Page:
Show an ad over header. AMP

I am the FIRST

Axios-Ipsos poll: Americans are becoming less worried about returning to "normal"

Data: Axios/Ipsos Poll; Note: 3.2% margin of error; Chart: Axios Visuals

For the first time since the pandemic began, less than half of Americans (43%) say returning to their "normal" pre-coronavirus lives would pose a large or moderate risk, according to the latest installment of the Axios/Ipsos Coronavirus Index.

The big picture: This tipping point comes as nearly two thirds of respondents in our weekly national poll say they've gotten at least one shot.

  • Half of those with children under 18 say they're likely to vaccinate them as soon as they're eligible — a day that has come for many of them now that the Food and Drug Administration has authorized Pfizer's vaccine to be given to 12- to 15-year-olds.

The intrigue: Americans are divided over whether and when they should have to show proof of vaccination.

  • 55% support showing proof to return to their normal workplace, and 57% endorse it for attending sports events. More than six in 10 favor proof for airplane or cruise travel or hotel stays. Half or fewer support it for dining out or shopping.

What they're saying: "It's all about the vaccine," said Cliff Young, president of Ipsos U.S. Public Affairs.

  • "The vaccine is conditioning how Americans are engaging and seeing the world today," Young said. "As more get it, the more normal things will become."

What we're watching: 62% of respondents said they've asked family or close friends about their vaccine status, while 28% said their employers have asked them their status. Only 5% said employers are requiring them to get the vaccine.

Between the lines: Volunteering your own status is more prevalent among those who have been vaccinated, Democrats, people 50 and older and those who live in urban or suburban areas.

  • 79% of people who have been vaccinated say they've asked friends and family about their status, compared with 71% of Democrats, 57% of Republicans and 30% of the unvaccinated.

Mask behavior is relaxing as vaccinations rise and following eased guidelines from the Centers for Disease Control and Prevention (CDC) for those who have been vaccinated.

  • 74% say they're always or sometimes masking when indoors in public places, while just 31% said they were masking when spending time outdoors with family or friends who are fully vaccinated.
  • Democrats are much more likely than Republicans to say they're wearing masks.

Details: Overall, measures of mental and emotional health continued to improve in the latest survey. And Americans who've been vaccinated are relaxing their behaviors.

  • That last group is an important one to watch because, in months past, those most eager for the vaccine also have been more worried about catching or spreading the virus and more careful about masking and social distancing. Getting the shot appears to be easing their fears and behaviors.

By the numbers: 54% of Americans overall said they'd gone out to eat, the first time that figure has surpassed 50% since we began asking the question a year ago. That included 53% of those who have been vaccinated and 57% of those who haven't.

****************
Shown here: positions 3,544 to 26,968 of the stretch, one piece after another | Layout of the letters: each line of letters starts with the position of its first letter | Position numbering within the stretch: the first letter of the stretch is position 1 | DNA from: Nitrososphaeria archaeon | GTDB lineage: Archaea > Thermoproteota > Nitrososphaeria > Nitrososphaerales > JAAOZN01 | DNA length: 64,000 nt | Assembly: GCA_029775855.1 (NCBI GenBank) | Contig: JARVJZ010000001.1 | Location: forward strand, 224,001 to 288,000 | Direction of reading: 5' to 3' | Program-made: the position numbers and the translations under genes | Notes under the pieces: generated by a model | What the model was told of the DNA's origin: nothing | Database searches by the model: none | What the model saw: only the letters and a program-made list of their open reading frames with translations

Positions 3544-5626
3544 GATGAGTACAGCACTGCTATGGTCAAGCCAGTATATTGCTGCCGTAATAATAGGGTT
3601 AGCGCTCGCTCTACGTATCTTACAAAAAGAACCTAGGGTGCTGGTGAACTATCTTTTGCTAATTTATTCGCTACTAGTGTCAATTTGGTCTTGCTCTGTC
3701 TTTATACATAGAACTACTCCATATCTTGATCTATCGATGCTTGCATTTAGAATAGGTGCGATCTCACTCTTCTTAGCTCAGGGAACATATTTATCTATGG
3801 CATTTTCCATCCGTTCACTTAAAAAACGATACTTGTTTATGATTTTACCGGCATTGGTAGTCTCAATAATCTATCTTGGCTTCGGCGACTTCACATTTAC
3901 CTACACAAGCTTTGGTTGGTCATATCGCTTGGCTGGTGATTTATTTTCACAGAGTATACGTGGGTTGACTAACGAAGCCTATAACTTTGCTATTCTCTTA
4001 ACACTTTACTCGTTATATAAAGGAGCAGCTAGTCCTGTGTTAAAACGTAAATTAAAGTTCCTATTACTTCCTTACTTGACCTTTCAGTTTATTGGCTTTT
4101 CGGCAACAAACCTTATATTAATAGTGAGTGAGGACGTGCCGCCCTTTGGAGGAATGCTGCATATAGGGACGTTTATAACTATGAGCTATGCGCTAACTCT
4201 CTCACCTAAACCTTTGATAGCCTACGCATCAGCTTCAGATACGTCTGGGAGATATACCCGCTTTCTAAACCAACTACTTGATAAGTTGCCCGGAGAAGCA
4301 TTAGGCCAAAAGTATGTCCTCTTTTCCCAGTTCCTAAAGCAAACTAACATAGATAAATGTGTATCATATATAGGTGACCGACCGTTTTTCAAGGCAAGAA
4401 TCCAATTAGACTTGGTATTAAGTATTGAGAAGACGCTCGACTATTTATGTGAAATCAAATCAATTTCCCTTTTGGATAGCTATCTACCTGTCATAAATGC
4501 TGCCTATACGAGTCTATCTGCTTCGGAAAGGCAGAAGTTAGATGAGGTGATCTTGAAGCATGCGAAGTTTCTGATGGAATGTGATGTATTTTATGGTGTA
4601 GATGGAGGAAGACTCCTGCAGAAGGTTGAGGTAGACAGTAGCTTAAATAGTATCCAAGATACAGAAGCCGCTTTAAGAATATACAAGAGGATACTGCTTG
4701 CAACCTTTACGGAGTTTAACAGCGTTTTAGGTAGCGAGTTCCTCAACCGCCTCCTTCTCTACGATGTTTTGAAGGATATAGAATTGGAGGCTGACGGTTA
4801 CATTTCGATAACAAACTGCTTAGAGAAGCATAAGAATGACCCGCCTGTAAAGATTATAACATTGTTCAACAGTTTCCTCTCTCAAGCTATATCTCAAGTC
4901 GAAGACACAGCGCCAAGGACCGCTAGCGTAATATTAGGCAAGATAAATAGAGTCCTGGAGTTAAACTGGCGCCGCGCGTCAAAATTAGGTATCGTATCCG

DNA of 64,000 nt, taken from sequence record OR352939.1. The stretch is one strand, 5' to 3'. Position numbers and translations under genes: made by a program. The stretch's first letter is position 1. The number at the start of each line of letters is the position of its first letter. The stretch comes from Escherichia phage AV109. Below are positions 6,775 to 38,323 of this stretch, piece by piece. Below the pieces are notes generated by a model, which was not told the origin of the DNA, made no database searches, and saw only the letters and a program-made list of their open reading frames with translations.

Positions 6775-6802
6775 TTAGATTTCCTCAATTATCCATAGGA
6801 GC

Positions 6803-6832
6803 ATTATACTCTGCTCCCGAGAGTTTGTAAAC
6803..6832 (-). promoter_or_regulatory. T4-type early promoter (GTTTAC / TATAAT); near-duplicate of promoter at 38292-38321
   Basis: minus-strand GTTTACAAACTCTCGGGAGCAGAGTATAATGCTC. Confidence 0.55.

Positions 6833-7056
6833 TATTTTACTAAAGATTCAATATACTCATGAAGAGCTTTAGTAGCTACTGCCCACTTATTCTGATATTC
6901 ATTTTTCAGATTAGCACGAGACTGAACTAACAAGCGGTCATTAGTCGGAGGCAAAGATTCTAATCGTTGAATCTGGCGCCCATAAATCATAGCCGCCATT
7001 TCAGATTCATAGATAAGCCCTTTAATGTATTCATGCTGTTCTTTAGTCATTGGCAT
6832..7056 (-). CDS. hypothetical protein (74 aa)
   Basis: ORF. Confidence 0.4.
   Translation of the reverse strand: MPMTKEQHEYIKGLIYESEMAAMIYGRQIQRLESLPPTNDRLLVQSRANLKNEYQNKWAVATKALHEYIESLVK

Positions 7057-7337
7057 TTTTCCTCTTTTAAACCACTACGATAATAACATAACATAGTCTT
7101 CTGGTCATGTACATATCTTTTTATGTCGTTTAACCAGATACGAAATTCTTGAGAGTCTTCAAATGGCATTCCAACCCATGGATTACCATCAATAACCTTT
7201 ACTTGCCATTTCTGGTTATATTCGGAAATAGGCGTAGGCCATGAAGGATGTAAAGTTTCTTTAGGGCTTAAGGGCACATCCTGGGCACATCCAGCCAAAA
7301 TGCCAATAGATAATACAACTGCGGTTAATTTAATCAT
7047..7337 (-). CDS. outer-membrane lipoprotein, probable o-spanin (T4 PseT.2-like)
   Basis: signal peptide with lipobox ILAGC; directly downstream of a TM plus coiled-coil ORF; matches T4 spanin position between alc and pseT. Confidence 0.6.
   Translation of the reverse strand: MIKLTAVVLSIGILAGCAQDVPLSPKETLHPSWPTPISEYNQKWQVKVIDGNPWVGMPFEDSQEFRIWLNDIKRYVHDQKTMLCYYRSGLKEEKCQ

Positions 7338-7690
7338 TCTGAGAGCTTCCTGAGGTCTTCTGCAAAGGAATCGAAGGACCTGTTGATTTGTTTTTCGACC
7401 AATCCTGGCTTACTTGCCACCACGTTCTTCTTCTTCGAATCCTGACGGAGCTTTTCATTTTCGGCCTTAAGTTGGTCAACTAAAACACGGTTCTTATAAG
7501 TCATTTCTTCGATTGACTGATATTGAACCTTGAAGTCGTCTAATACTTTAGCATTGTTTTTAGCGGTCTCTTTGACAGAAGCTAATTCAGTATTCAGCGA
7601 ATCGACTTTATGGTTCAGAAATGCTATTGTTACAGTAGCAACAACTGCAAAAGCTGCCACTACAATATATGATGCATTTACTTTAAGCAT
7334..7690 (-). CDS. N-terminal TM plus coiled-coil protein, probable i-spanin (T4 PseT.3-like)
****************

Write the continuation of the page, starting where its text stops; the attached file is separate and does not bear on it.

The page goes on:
• Most Americans say they're still maintaining six-foot distances from others outside the home at least sometimes, but those who say they do it all the time has slipped to 40%, the lowest in 13 months.

Methodology: This Axios/Ipsos Poll was conducted May 7-10 by Ipsos' KnowledgePanel®. This poll is based on a nationally representative probability sample of 1,078 general population adults age 18 or older.

  • The margin of sampling error is ±3.2 percentage points at the 95% confidence level, for results based on the entire sample of adults.

regular 4 post ff

infinite scroll 4 pff

test 5

shall had shall had shall hAd HAD.

content more

selected test 10 in From Site, test

111added test 9

added external seo phrase

added news internal link to seo phrase

Humans are capable of great kindness and compassion, and there are countless examples of individuals who have made a positive impact on the world through their selflessness and generosity.

One such example is Mother Teresa, who devoted her life to serving the poor and sick in the slums of Calcutta. Through her tireless work and unwavering dedication, she touched the lives of countless people and became a symbol of compassion and selflessness.

Another example is Malala Yousafzai, a young woman from Pakistan who has become a powerful advocate for education and the rights of girls. Despite facing threats and violence, she has continued to speak out and fight for change, inspiring others to do the same.

These are just a few examples of the many good humans who have made a difference in the world. They remind us that one person can make a difference and inspire others to do the same.

It's also important to note that acts of kindness and compassion don't have to be on a grand scale to make a difference. Small acts of kindness, like holding the door open for someone or offering a word of encouragement, can have a big impact on the people around us.

In conclusion, humans are capable of great compassion and kindness, and there are many individuals who have made a positive impact on the world through their selflessness and generosity. They remind us of the power of one person to make a difference and inspire others to do the same. Let's all strive to be good humans, and make our world a better place.



Get Goodhumans in your inbox

Most Read

More Stories